– Similarly, Brienne’s brief romance with Jaime seems to have been engineered in a way that implies her weakness for Jaime has overtaken her strength in literally everything else, and it takes something away from the poetic moment when Jaime knighted her two episodes prior. For him to also be her first lover changes his intentions about her as well as her perspective on him. Even though Jaime accurately sums up his crimes as “hateful” when he departs, that his words leave her in tears makes it seem that after everything she has endured, losing the attention of a flawed and damaged man was all it took to break her spirit.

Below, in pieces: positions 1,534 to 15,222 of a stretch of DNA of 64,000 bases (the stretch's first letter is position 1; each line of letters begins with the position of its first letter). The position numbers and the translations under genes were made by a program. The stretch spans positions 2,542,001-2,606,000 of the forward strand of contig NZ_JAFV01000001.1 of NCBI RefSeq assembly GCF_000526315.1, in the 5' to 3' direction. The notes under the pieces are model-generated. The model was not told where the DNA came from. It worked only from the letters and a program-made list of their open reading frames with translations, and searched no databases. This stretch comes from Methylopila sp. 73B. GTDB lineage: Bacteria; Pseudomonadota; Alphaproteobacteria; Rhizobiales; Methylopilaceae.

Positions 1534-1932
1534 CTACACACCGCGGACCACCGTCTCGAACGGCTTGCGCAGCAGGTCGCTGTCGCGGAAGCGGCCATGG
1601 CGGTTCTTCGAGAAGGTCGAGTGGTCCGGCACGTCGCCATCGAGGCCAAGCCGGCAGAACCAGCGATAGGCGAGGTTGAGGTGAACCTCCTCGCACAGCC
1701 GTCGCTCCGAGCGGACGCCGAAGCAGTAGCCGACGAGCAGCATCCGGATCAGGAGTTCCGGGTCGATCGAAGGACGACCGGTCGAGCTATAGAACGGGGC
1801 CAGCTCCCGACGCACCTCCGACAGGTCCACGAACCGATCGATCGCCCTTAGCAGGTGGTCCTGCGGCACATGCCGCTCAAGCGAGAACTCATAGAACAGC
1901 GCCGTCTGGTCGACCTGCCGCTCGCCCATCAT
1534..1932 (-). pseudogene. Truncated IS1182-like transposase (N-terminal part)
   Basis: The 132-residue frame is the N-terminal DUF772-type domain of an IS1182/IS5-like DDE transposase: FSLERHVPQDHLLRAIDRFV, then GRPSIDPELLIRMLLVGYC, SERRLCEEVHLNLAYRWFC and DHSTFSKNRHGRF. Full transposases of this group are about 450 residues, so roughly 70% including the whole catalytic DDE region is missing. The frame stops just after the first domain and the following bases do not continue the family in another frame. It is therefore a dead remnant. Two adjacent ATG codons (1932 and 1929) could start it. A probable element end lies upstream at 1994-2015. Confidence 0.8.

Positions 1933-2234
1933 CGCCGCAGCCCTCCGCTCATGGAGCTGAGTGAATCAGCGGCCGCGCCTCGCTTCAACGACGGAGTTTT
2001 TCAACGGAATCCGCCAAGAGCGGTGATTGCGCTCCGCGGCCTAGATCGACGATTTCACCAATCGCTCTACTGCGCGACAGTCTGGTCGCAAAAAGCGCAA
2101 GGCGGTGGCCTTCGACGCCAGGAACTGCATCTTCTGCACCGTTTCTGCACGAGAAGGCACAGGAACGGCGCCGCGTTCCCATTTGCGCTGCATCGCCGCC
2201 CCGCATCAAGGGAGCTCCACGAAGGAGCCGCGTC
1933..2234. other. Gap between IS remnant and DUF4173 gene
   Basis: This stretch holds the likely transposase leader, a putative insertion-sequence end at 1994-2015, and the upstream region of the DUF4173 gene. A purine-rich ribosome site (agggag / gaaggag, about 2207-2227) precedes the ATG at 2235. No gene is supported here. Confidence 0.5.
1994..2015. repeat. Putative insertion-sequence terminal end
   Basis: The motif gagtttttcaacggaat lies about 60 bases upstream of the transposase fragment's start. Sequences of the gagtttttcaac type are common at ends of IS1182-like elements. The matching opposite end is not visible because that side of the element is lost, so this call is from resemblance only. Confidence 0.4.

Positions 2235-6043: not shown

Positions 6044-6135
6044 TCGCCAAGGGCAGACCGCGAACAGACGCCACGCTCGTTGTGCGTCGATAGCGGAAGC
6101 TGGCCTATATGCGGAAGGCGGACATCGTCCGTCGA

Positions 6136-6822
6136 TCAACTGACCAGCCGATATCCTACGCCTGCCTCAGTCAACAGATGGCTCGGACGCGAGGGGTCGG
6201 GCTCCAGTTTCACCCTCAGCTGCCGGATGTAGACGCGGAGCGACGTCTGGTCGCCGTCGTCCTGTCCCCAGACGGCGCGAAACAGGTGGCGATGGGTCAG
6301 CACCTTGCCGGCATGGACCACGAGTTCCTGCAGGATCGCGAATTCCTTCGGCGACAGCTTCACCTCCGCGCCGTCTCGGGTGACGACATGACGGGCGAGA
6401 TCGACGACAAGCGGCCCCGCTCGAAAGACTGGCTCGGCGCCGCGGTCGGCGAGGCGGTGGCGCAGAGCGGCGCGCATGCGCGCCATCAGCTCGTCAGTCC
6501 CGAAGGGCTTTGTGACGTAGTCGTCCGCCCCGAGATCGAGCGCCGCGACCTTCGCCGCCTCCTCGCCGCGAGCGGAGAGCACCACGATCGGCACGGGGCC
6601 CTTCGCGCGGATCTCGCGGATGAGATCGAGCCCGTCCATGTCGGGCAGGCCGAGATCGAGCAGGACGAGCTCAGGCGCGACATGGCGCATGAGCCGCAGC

– The battle planning session at Winterfell, in which the decimation of the Targaryen forces was assessed, starts out by making it clear how much Daenerys has lost in strategic assets in addition to the personal cost she suffered, depicted movingly in the opening funeral sequence. When Sansa notes that the battle against the White Walkers has left their warriors depleted and asks for time to recuperate, it is understandable that Dany might be concerned that waiting longer allows Cersei to gain a stronger foothold, but the way the script asks her to express it comes across as petulance and personal quarrel. This plays out further when the series unceremoniously kills off Rhaegal and destroys several of Dany’s ships. Setting aside the fact that it makes almost no geographic sense for them to have marched east from Winterfell to grab a handful of ships, the idea that Dany would have somehow forgotten about Euron’s Iron Fleet to the point that they could so easily surprise her — after her first major defeat was in losing her allies from Pyke and Dorne to an attack by that same fleet — boggles the mind. Her near-suicidal charge straight into the scorpions felt like another moment of drama being built out of poor character choices, and all of this plays into the idea that Tyrion and Varys must have her replaced with Jon Snow for her own good and the good of the Realm.